Dictionaries: for Whom the (Electronic) Bell Tolls

And you can also use it to bash rodents

For the past 30 years or so, I’ve kept a hardcover dictionary, usually a Merriam-Webster’s, near my bed. Reading in bed at night has long been one of my delicious pleasures, and because words themselves are the savory nuggets of that deliciousness, I’ve never found it tedious to pause in the narrative to look up an unfamiliar or unusually wrought word. Quite the opposite. True, sometimes throwing a rock under the wheels of your reading journey can be disruptive, but I’ve more often found that considering why an author might use a particular word helps me parse the narrative all the better, and thus roll more smoothly through it.

However, once you pick up a dictionary to sniff out one savory nugget, your word-stimulated appetite might hunt out all the more, so your reading attentions turn from the original story to that herd of words corralled by the alphabet. So, grabbing the weighty word-cage from the bedside table is less an annoyance than a pleasure. But I do wonder how much longer such a big box of words will come in that container: a couple of weeks ago, I read that MacMillan, one of the larger reference book publishers, would be printing its final physical edition this year, becoming instead an online reference source for language arts.

Death (or at least gone to the hot tub) of a salesperson

That’s not any kind of shock: the stalwart Merriam-Webster Collegiate at my bedside is published through Encyclopedia Britannica, which ceased the print edition—after 244 years of publication—of its 32-volume set in 2010, to concentrate on its digital assets. And the most venerable of the dictionary publishers, Oxford University Press, also dropped the curtain on the 126-year print publication of “the definitive record of the English language” in 2010. The third edition of the Oxford, which will be available exclusively online, won’t be release until around 2037, which tells you that cooking with words takes a sweet, slow simmer.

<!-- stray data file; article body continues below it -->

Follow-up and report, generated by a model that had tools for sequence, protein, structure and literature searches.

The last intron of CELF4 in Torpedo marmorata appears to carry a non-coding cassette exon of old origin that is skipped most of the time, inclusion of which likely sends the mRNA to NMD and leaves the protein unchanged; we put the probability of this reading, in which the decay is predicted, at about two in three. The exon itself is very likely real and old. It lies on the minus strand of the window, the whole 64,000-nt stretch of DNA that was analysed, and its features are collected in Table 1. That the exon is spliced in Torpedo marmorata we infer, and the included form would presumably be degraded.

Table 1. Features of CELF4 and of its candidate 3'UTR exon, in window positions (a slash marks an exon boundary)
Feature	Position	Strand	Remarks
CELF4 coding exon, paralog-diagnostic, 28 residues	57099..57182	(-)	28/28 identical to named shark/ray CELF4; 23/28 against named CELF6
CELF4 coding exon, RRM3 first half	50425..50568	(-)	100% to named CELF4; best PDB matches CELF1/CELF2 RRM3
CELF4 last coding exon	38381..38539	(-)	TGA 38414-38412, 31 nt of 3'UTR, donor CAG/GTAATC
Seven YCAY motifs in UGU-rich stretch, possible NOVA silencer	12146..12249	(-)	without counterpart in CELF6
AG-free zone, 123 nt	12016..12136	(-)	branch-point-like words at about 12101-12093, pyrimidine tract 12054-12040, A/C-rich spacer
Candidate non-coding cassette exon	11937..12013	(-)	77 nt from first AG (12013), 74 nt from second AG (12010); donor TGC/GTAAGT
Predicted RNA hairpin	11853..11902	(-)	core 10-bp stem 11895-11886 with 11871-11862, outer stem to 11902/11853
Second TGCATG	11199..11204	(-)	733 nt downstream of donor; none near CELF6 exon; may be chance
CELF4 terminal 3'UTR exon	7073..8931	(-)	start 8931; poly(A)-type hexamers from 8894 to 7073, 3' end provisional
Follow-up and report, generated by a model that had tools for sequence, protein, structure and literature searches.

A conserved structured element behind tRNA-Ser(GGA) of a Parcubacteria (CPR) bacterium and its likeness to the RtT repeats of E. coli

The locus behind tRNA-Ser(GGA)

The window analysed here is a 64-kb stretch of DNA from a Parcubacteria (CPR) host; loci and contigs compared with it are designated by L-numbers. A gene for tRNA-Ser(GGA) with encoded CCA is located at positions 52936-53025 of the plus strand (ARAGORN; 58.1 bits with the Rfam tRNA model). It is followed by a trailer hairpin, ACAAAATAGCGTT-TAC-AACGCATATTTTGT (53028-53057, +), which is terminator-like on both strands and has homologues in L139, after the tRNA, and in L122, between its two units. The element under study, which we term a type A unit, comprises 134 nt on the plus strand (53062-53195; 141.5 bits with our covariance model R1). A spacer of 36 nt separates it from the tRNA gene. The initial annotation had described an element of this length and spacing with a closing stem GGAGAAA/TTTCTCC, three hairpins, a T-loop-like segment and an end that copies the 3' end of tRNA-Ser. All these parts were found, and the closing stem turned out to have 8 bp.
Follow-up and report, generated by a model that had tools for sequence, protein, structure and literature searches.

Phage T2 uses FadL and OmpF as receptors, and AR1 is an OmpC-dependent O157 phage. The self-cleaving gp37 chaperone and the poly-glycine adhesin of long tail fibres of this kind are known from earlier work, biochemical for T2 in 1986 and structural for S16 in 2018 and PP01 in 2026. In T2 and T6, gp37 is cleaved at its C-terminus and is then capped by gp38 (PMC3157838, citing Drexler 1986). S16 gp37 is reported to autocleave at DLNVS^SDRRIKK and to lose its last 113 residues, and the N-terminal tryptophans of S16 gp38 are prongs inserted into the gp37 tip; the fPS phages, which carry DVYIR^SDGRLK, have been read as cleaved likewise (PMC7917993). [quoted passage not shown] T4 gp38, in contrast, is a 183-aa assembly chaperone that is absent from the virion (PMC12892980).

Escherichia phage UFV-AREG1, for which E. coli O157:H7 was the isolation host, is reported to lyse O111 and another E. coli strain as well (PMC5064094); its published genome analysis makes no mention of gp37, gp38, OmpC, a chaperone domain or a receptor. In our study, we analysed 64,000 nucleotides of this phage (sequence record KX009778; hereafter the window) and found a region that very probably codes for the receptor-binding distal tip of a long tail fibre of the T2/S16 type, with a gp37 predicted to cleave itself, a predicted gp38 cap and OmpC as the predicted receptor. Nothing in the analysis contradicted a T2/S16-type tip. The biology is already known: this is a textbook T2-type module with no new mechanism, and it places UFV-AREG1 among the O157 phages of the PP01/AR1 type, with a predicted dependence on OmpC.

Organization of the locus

I’m sure if there are any surviving door-to-door salespeople who used to trundle the Britannica around, they would issue a world-weary, “It’s about time.” That’s probably just as well: According to a 2006 report by Northwestern University’s Kellogg School of Management, Britannica’s own market research showed that the typical encyclopedia owner opened the books just once or twice a year. They undoubtedly provided more of a touch of intellectual window dressing for many families.

Not to bury Webster, but to praise him (Er, it. Or them.)

However, this is no lamentation for the death of the physical tome. For me, I’m often as not starting the engine of that big Webster’s tank because of a wiggly word I spotted in my Kindle reading. I love the page-by-page presence of books, always will, but I have no quarrel with the e-readers of the world; I am one of them, I have one of them—there’s much to recommend them. As Seth Godin says, in many ways, the physical book is a “souvenir”—with information being instant, the physical book is more of a trophy of sorts, though one I hope isn’t designated as wallpaper like those old Britannicas.

Here’s to the book, long live the book (but I’ll be peeking at the Kindle I’m hiding behind the book cover as well).

You ought to see my flask collection too

As a postscript to this bookish bender, you may be amused by the video that graces my About page, which shows me wrestling with a portion of my collection of reference works. Books, can’t live without them, can’t get good gas mileage if you fill your trunk with ’em.

Books and Kindles: Can’t Live With Them, Can’t Eat Them with Fava Beans and a Nice Chianti